I want all police officers and firefighter/paramedics nationwide to be as diligent as LPD officers have become in making sure they put on their high visibility outerwear when working around traffic. This simple step will save lives from the most significant threat to personal safety police officers and firefighters face in their work, which is neither bad guys nor burning buildings, rather, traffic crashes.

Wednesday, September 14, 2011

Different perspective

I had a speaking engagement yesterday morning at a local service club’s breakfast meeting.  I spoke to the group about some technological changes that are impacting the 911 Center, Lincoln Fire & Rescue, and the police department. Among the topics, I told the group about our new location-based services application, P3i.  I explained that I was encouraging officers to get to know the parolees and registered sex offenders on their beat.  I think this both helps in their supervision and encourages their own self-control.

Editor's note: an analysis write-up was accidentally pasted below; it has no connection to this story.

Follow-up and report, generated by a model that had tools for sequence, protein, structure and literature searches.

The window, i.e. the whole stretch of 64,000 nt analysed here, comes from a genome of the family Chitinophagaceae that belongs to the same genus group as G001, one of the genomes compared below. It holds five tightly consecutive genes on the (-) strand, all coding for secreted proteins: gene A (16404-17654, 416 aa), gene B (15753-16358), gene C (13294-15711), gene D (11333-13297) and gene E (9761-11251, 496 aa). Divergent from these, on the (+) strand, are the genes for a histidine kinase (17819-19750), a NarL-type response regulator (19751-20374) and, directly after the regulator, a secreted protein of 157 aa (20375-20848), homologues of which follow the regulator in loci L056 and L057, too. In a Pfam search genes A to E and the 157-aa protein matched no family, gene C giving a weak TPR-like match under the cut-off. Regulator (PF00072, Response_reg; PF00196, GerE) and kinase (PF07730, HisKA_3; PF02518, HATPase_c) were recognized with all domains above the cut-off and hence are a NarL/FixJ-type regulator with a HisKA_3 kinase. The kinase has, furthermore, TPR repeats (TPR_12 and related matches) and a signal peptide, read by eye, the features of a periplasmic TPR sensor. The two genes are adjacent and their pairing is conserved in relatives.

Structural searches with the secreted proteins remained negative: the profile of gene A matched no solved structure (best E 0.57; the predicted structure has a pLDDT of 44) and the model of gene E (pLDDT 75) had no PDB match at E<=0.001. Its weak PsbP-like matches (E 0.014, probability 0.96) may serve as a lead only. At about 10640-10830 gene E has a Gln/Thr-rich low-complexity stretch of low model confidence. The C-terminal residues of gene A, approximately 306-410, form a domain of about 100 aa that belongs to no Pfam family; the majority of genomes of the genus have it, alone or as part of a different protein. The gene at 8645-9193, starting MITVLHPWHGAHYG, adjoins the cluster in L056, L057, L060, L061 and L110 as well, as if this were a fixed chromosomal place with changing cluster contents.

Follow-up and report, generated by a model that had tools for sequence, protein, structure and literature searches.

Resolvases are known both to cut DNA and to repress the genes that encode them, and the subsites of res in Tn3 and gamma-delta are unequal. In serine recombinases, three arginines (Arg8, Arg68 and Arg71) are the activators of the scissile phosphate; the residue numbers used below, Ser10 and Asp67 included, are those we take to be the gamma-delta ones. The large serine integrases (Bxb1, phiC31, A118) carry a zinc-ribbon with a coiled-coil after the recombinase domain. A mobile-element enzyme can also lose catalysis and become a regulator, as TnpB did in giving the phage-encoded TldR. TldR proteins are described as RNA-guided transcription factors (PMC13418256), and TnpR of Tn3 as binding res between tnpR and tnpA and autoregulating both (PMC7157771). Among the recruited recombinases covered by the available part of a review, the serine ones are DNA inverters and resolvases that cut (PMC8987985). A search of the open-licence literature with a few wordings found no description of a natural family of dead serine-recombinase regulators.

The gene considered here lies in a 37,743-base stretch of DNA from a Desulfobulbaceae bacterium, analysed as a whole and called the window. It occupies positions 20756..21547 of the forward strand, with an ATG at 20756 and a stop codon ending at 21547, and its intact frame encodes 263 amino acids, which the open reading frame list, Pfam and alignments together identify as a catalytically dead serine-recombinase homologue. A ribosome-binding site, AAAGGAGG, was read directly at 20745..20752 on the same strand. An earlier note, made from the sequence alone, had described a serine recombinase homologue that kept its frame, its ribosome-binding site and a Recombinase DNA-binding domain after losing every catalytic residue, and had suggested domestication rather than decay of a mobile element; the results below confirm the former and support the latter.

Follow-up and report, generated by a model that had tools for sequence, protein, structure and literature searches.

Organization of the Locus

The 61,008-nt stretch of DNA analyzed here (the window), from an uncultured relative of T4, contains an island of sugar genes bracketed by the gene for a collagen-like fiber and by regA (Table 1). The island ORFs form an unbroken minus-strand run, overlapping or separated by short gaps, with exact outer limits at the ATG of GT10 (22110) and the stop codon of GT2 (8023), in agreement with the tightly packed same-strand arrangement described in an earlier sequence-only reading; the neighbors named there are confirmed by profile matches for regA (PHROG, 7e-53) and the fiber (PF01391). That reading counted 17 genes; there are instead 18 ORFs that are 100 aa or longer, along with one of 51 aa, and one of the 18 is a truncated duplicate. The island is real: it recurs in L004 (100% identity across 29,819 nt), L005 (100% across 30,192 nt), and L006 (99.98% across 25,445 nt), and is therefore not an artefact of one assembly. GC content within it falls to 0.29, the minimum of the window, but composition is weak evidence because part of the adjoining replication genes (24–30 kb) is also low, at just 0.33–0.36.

An audience member just flat disagreed, and during my presentation she took me on head-to-head. She was quite adamant in disagreeing with this entire idea, and did not like this concept in any way, shape, or form.  I tried to steer the Q & A in a different direction, by explaining that if she doesn’t like the sex offender registry or the concept of parole supervision her issue was with the legislature, not me.  She would have none of it, though, and continued to opine in opposition quite stridently. 

It was a little uncomfortable (more so, I think, for the audience than me) but I appreciated hearing her perspective, and admired her persistence and her willingness to go against the grain.  She thinks forgiveness is important (me, too), and doesn’t like the idea of the police inserting themselves into the lives of past offenders in this way.  It is always good to be reminded that not everyone sees things the same.   

Tuesday, September 13, 2011

Weekend wrap-up